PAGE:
the real/estate blog

Can a sale be guaranteed?

Posted in Closing Costs,Real Estate by Cesia Green on January 13, 2012
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It sounds like quite the coincidence, but my roommate from law school also ended up practising in real estate – albeit in a much larger firm in Toronto. I got an email from Mahira a little while ago with a link to a case she thought I would find interesting, and I’ve been wanting to share it. With the new year starting, I thought it was a good time to talk about a very fascinating (to me, at least) subject: the Guaranteed Sales Agreement.

Some realtors will sign agreements with you that if your house doesn’t sell, they will agree to purchase it from you before the end of a set time period. You should always be quite careful when signing these types of agreements though, and have them properly reviewed by your lawyer to ensure that you are happy with all of the terms. This case is a good illustration of that.

David and Tanya Idzan were selling a condo in Edmonton. They listed it with Jack Broadfoot, and explained to him that they were selling because they had bought a new build house. They signed an agreement that stated that the property was to be sold no earlier than January 2008, as their new home would not be ready until then. At the same time that they signed the listing agreement, Jack had them sign a Guaranteed Sales Agreement that listed the proposed purchaser as Fountainhead Financial Inc. The GSA included, among other things, that Fountainhead could elect to either have the existing mortgage discharged or could assume the mortgage; the price would be $225,000, as opposed to the $254,000 that it was initially listed at.

The condo had not sold by early 2008, at which time the Edmonton real estate market had fallen significantly. After several price reductions, the Idzans decided that they would be better off selling to Fountainhead under the GSA than continuing to reduce the price of the condo. However, when the closing was about to occur, Fountainhead’s lawyer indicated that they wanted to assume the mortgage – which was not allowed by the Idzans’ lender. The condo eventually sold for $185,000.

As it turned out, the Idzans had explained to their realtor that their mortgage was not assumable. They would have to pay it out on closing of their condo in order to comply with their lender’s requirements. The realtor had overlooked this and included this term in the GSA. Because of this inconsistency, the court found that the realtor had been negligent and awarded the Idzans $25,000 in damages. Essentially, the realtor had included a term in the GSA that was impossible for the vendors to fulfill from day one.

You can read the entire case, Idzan v. Broadfoot, here.


New or used?

Posted in Closing Costs,Investment Properties,Real Estate by Cesia Green on January 6, 2012
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MoneySense Magazine ran an article back in November on the 10 mistakes people make when buying a brand-new home rather than purchasing a resale property. In order:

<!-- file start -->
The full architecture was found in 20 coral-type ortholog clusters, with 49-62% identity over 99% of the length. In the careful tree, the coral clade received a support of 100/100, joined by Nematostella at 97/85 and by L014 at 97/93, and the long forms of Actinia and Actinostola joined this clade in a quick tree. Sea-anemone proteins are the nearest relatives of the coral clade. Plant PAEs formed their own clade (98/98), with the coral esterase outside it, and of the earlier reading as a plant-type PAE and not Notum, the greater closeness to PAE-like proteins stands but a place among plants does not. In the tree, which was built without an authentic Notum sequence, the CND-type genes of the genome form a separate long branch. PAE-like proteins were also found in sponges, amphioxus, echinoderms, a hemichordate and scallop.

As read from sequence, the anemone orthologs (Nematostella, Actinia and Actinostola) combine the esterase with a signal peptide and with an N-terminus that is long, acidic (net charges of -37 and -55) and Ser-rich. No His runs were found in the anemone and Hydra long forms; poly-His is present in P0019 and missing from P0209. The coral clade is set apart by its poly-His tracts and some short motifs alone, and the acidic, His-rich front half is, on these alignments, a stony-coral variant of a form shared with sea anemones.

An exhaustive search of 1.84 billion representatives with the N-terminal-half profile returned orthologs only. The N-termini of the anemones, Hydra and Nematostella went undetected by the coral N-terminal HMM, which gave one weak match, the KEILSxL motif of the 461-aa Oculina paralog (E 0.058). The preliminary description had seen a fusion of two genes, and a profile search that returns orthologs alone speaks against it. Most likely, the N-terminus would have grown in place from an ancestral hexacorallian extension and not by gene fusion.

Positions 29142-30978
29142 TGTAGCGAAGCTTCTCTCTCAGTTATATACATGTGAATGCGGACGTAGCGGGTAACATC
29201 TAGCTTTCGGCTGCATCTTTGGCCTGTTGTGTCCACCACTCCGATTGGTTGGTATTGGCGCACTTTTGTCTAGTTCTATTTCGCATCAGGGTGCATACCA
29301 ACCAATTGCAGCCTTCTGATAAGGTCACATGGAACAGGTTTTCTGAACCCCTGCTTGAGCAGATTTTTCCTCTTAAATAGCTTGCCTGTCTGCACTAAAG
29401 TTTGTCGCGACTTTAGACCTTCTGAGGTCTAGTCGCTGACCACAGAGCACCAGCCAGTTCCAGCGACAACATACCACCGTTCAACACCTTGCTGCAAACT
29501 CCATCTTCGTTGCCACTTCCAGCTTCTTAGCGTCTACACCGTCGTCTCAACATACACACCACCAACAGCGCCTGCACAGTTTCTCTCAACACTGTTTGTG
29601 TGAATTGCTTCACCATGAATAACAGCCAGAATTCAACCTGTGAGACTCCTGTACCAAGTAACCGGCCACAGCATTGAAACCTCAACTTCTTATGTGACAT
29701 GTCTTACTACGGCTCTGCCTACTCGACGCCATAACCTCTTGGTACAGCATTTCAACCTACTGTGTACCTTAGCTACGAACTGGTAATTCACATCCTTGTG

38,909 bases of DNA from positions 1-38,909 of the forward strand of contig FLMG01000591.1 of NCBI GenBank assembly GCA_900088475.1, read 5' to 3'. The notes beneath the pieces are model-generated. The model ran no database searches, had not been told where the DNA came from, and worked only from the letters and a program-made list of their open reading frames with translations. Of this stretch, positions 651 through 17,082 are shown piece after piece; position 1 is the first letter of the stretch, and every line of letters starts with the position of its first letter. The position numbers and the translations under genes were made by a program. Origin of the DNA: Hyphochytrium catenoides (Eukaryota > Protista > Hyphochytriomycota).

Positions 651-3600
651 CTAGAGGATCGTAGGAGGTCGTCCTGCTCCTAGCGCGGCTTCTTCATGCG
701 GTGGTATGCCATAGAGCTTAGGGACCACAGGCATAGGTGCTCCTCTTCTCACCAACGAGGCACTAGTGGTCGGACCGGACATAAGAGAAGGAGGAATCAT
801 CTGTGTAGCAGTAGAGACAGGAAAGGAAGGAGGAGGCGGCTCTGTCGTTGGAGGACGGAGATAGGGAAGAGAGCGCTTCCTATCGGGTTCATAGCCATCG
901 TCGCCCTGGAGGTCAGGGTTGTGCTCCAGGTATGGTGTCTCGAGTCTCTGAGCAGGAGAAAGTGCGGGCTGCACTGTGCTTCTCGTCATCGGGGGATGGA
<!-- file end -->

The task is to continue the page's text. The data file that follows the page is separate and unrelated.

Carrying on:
1. Falling in love with the show home
  2. Trusting the floor plan
  3. Not getting a lawyer involved until after you sign the contract
  4. Not getting an inspection from a professional
  5. Accepting delays without any questions
  6. Forgetting that you will be moving into a construction zone
  7. Thinking that you have a warranty [note: Ontario is one of three provinces with mandatory warranties in place]
  8. Procrastinating in submitting a claim under your warranty
  9. Not reviewing estimated closing costs in the agreement
  10. Buying at the wrong time – meaning both after the VIP sales are gone, and pre-build before a change in the market

 There is a lot of truth to all of these points. Buying a new home has a lot of allure to it: you can to customize your house in whatever manner you like. What you need to be aware of is that all builders are not created equal, and, more importantly, builders are in the house-building business to make a living, just like the rest of us. If they can get a buyer to pay for something, they will, and there is nothing illegal or really even underhanded about it.

I see a lot of agreements come in for new homes where the builder has pushed a lot of costs onto the purchaser, such as hydro meter installation, Tarion enrolment fees, Law Society levies, etc.; without proper review of the agreement by the purchaser’s lawyer, the purchaser will be stuck with them. Sometimes I feel like a broken record, but ultimately, if you want to protect yourself, be sure to put in a condition on solicitor review of your agreement and pay a lawyer to look it over before you’re stuck with a house you don’t want any more.

How much will that house cost?

Posted in Closing Costs,Real Estate by Cesia Green on September 9, 2011

I read Money Sense Magazine occasionally. A while ago, I came across a post from Gail Vax-Oxlade, who hosts a show I (secretly) love to watch called Til Debt Do Us Part. She wrote this article to help home buyers figure out what they actually need to save in order to buy their home. Some examples beyond legal fees: tax adjustments, utility hookups, appraisal fees and interest adjustments. There are a lot of extra costs that go into buying a home that are important to remember so that you don’t have a very unpleasant surprise when you see the financial summary at your lawyer’s office. Keep them in mind and you’ll be prepared.